‘How with this rage shall beauty hold a plea,
Whose action is no stronger than a flower?’
[Sonnet 65, lines 3-4]
The flower represents the creative and reproductive ability of nature. In any kind of sane world this beauty, this purity, this power should be enough to keep it out of harm’s way. The flower cannot stand up in a court of law and say, “Stop it. I am being mistreated”, but why would it ever have to, with humanity here to take care of it?
Shakespeare has spoken to us through time in our era of faster, more deadly and less natural opponents than he could have known himself. Today, ‘pomp’ is the rage; the oil-guzzling rain-forest-crunching machine is the rage; ‘Dictator Pound’ growing fat on his throne of the bones of good ideas that cannot survive the law of instant gratification; the politician dining prettily with a murder of arms-dealing psychopaths whilst children wash up on a beach fleeing war; the needless shiny objects mass produced to provide ‘quality for everybody’ to the cost of the earth, and the millions and millions of beautiful innocent animals we pay others to torture from birth to death so we can have a nice Sunday roast…these are all the rage.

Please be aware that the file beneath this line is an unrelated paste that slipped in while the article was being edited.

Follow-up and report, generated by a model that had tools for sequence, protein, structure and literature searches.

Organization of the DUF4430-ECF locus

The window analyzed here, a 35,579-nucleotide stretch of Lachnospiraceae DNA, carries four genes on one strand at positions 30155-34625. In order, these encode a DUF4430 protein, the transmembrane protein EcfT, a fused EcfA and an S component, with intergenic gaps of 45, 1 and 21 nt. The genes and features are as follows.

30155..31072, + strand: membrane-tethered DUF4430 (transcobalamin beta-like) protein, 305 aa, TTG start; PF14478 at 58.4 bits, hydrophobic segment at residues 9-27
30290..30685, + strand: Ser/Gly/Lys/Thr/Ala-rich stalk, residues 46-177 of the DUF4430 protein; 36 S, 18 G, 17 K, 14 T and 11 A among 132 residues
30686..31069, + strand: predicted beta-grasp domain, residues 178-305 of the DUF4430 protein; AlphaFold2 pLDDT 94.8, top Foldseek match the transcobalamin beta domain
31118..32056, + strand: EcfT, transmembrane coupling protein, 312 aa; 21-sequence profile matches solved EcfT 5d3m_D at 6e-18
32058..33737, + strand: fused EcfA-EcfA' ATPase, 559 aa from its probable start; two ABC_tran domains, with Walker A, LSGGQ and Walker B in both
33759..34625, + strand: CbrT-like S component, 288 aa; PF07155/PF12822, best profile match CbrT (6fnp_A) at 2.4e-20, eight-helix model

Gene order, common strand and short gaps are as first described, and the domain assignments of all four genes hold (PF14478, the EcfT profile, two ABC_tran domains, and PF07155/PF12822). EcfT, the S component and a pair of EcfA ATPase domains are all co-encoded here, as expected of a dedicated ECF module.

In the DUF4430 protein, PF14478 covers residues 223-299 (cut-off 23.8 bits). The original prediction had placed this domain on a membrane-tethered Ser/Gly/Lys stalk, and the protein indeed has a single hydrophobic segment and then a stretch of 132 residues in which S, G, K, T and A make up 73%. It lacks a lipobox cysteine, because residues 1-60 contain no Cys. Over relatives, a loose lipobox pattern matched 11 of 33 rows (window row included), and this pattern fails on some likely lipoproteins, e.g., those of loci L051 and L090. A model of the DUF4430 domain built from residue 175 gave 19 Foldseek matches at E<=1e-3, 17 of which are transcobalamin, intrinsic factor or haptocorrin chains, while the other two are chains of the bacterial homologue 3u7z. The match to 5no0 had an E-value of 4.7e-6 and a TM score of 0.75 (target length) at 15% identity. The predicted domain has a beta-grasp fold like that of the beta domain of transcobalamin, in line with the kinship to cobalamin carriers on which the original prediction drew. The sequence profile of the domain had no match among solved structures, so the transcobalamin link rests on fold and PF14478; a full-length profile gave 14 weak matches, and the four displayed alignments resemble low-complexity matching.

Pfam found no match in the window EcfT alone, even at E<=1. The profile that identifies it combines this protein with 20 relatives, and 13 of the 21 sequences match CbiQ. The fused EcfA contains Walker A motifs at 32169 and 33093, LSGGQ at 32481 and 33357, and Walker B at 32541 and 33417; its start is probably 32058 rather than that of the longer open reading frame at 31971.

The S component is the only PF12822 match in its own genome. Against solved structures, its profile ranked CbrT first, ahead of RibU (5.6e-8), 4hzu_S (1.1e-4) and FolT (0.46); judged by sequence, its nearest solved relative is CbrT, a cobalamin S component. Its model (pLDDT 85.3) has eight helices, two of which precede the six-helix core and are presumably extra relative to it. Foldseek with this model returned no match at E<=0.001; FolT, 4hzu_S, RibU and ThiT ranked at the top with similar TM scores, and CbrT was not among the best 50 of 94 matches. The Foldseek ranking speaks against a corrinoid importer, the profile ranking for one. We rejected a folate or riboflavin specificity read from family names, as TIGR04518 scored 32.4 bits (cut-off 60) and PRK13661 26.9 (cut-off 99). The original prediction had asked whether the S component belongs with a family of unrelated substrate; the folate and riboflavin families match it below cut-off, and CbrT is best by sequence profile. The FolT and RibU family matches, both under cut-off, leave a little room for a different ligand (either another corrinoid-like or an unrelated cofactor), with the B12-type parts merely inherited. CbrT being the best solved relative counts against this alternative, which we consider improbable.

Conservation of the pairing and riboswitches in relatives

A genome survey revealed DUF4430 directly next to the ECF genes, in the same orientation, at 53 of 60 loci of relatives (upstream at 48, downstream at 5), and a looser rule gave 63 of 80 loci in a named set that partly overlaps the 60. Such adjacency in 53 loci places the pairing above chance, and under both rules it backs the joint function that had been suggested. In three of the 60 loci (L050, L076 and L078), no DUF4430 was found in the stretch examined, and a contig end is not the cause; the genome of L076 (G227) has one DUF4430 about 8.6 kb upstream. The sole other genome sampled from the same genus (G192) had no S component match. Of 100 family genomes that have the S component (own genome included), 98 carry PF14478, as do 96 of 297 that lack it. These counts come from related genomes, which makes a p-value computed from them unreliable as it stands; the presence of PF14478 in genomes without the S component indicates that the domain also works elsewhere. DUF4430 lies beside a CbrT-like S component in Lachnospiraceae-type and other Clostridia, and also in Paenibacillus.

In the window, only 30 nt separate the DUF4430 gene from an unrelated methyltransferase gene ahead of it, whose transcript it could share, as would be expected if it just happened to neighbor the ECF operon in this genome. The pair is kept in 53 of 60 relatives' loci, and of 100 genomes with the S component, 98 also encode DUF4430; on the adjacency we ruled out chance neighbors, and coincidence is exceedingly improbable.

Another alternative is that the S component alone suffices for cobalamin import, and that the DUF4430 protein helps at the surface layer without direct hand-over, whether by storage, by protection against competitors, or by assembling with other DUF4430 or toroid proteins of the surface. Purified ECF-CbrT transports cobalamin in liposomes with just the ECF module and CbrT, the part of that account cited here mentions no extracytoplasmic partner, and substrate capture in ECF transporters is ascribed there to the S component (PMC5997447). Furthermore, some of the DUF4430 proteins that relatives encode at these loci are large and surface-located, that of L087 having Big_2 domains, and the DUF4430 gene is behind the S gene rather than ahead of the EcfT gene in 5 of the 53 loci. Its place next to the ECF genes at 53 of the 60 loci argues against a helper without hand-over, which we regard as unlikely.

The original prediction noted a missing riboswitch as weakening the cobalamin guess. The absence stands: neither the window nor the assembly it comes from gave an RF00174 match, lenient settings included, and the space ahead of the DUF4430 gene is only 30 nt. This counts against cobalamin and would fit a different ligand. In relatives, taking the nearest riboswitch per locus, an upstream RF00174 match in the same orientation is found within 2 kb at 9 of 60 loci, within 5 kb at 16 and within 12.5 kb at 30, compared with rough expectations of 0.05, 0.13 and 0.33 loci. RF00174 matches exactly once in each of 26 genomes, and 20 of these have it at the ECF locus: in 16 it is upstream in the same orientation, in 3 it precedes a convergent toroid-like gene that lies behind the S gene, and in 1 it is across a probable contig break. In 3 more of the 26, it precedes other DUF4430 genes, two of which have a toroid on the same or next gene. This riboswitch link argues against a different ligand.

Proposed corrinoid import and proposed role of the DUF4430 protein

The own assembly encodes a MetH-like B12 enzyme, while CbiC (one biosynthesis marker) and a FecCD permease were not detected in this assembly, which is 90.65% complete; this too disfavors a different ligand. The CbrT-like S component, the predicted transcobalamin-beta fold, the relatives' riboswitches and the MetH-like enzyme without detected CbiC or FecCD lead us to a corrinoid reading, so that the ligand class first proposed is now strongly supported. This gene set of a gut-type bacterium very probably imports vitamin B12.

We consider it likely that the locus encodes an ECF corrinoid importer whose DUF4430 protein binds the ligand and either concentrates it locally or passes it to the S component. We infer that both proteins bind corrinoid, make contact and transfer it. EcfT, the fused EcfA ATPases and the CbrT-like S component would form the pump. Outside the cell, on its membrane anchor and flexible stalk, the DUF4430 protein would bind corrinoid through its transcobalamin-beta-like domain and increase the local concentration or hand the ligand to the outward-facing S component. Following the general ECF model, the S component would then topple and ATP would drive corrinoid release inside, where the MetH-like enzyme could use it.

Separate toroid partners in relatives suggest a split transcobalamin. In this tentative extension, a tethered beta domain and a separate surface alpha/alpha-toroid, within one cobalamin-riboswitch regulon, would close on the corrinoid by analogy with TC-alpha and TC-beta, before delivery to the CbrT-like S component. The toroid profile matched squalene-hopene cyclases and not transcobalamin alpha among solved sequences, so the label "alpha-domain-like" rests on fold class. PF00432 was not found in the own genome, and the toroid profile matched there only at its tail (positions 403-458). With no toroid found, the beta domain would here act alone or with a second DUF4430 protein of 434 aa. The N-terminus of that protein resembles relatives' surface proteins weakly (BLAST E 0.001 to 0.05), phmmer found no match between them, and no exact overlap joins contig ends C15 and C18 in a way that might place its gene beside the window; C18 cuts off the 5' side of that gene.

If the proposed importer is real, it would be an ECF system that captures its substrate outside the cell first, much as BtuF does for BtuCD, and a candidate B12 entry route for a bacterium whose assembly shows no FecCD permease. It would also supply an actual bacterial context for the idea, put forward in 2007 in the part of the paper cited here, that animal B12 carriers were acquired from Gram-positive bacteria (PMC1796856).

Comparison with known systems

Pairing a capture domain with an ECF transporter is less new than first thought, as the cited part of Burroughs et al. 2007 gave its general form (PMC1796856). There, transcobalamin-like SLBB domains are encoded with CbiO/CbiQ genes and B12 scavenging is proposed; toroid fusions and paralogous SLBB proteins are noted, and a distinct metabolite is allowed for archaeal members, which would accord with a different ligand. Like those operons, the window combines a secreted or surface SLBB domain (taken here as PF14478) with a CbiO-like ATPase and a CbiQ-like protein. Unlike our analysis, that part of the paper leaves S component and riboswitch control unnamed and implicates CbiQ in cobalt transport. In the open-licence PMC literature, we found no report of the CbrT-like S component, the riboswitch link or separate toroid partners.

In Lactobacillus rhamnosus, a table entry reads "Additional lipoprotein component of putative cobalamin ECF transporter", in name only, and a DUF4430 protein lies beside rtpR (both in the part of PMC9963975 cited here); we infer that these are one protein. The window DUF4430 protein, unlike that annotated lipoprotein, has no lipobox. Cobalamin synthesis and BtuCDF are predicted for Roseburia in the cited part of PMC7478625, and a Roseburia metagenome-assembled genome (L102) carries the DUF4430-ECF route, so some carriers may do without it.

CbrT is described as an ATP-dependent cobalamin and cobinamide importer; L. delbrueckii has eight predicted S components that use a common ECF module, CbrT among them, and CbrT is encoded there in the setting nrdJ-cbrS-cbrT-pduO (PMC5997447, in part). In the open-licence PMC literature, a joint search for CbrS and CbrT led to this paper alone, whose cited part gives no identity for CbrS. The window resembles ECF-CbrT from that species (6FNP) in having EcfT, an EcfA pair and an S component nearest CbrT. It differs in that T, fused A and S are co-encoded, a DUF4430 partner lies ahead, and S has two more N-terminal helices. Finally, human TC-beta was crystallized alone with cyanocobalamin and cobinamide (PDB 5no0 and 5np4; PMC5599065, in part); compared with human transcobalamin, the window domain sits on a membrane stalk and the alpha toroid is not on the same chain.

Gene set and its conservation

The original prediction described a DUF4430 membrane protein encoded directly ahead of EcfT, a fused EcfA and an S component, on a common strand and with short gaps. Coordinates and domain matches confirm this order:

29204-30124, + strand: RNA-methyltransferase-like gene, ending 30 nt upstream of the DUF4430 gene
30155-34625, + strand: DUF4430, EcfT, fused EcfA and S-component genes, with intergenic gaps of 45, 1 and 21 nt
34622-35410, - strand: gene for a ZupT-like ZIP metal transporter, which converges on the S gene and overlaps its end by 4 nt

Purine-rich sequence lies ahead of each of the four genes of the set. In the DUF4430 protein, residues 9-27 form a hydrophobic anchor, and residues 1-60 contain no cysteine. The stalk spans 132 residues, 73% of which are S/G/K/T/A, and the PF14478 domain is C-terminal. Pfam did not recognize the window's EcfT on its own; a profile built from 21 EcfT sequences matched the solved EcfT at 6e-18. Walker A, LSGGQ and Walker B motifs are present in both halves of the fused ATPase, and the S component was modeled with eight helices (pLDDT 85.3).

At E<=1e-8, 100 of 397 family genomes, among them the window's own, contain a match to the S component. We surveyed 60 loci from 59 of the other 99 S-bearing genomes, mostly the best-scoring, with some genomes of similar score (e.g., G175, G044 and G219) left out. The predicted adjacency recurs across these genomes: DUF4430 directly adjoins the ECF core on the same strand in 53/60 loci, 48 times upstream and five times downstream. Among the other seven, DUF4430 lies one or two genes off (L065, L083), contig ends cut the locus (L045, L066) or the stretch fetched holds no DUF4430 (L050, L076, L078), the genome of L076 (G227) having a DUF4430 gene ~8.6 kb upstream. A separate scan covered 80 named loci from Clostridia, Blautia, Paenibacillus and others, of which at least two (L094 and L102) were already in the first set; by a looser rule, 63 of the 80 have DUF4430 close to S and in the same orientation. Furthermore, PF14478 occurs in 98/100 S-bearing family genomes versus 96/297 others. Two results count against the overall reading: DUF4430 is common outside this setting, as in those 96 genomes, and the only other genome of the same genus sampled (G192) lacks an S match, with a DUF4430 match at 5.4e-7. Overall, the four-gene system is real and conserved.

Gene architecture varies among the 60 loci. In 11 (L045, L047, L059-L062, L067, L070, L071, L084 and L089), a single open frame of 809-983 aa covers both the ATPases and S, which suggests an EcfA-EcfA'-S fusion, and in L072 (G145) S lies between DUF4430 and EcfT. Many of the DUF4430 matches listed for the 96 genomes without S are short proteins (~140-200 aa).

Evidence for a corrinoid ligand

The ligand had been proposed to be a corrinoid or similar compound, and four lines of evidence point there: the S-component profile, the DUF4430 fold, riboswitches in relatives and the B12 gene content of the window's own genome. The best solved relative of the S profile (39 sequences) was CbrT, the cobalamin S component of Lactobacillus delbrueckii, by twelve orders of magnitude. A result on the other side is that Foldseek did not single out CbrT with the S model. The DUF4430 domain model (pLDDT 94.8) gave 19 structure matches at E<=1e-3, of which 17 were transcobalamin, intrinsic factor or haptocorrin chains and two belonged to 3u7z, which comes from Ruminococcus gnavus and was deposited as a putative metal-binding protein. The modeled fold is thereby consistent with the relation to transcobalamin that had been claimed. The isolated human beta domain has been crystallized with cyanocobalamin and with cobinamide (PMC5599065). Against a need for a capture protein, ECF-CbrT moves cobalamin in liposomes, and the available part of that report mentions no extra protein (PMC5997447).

Everything that makes absolutely no sense… how shall beauty hold a plea against all that?
The future is painted as bleak in the sonnet, yet a tiny almost imperceptible glimmer of hope is given… “unless this miracle have might, that in black ink my love may still shine bright.” And here we have it ‒ the act of reading these lines so many centuries after they were written is to witness the miracle, and within it the power of beauty to endure, proving that the strength of a flower is not to be sniffed at.
Take Physic, Pomp!
Image source: The Folger Library, from the Trevelyon Miscellany of 1608. Pattern: borage; roses; honeysuckle.